But there is one good point which both these churches have in common—they are both party churches. I think I warned you before that if your patient can't be kept out of the Church, he ought at least to be violently attached to some party within it. I don't mean on really doctrinal issues; about those, the more lukewarm he is the better. And it isn't the doctrines on which we chiefly depend for producing malice. The real fun is working up hatred between those who say "mass" and those who say "holy communion" when neither party could possibly state the difference between, say, Hooker's doctrine and Thomas Aquinas', in any form which would hold water for five minutes. And all the purely indifferent things—candles and clothes and what not—are an admirable ground for our activities.
So, yes, I think the Count provides the right response to Erickson's tweet. And, just to come full circle, these dangers are inherently present, to greater or lesser extent, depending on intention and practice in the "Benedict Option" covered in the previous post.

And, of course, we liberals can fall into the same trap, albeit led by different bait.

Wednesday, March 15, 2017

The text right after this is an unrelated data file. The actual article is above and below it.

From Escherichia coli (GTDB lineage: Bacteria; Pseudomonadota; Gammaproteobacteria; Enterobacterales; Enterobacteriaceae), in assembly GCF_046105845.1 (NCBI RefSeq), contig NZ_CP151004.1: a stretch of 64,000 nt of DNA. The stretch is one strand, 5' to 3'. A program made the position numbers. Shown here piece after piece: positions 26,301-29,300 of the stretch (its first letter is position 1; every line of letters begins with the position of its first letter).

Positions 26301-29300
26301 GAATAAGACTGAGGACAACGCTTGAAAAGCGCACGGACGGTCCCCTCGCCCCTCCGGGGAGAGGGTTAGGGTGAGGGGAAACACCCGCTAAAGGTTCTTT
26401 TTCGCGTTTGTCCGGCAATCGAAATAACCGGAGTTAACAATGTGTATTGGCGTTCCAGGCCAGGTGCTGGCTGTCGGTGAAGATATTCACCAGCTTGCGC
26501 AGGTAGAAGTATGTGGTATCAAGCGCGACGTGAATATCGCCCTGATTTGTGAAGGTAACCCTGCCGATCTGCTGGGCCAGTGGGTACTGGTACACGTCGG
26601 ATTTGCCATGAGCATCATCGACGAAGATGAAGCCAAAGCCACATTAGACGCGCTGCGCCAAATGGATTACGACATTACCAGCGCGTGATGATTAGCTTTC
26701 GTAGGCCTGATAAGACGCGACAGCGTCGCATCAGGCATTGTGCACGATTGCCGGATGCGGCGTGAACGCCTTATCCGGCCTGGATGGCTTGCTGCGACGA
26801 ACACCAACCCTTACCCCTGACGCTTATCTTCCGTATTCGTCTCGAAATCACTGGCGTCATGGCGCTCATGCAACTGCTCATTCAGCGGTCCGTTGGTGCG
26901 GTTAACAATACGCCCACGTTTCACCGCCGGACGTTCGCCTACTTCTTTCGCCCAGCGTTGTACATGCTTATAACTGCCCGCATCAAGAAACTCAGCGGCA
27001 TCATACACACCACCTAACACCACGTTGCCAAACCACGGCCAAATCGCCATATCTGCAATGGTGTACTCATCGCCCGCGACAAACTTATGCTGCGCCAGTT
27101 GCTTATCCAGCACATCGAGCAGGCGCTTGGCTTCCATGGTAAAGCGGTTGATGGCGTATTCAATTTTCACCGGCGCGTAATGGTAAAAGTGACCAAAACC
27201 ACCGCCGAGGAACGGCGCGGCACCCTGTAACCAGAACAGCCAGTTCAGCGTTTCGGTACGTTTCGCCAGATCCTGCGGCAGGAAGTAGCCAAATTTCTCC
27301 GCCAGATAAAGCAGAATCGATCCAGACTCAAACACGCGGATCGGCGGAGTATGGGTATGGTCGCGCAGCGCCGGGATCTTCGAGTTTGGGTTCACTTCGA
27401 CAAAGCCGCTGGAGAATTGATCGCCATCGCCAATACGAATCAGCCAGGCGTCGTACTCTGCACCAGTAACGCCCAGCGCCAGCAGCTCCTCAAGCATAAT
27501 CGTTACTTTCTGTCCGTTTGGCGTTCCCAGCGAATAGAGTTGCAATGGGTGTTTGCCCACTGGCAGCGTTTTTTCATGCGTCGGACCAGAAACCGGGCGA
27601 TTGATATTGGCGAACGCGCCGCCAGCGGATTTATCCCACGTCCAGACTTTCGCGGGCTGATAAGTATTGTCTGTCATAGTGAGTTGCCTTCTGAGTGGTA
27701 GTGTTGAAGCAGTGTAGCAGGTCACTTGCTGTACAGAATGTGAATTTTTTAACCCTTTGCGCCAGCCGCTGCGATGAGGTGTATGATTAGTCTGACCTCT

Love Among the Ruins? Notes on Rod Dreher's "The Benedict Option"

I have given conservative writer Rod Dreher a fair amount of stick on this blog. Despite this, I want to at once engage with some of his ideas regarding what he calls The Benedict Option. Despite disagreeing with many of Dreher's key arguments, I find that there is value to be found in the book, even for a liberal Episcopalian like myself.

Let's start with the disagreement. Dreher presupposes a cultural hostility to Christianity that is supported more by anecdote than by data, writing that "The workplace is getting tougher for orthodox believers as America’s commitment to religious liberty weakens." He invokes blacklisting, loss of accreditation, and a social disdain for socially conservative traditionalits.

With respect, I think that Dreher is making two errors here. First, his use of the term "orthodox believers" (often referred to on his blog as "small-o orthodox Christians") is doing a lot of lifting. It means traditional socially conservative Christians, not those Christians whose theological belief is in accordance with the creeds. Liberal Christians are "read out" of "orthodoxy" by Dreher, even if we hold all the creeds to be true without hesitation or mental reservation. Indeed, Charles Gore, whose The Reconstruction of Belief was an extended defense of the truth of creedal Christianity in the aftermath of the loss of faith caused by World War I, would probably not fall within Dreher's definition of "orthodox Christian." This is a very crabbed view of orthodoxy, in contrast to that of C.S. Lewis, who could disagree with radical theology without declaring it heretical, as witness his comment about J.A.T. Robinson's Honest To God: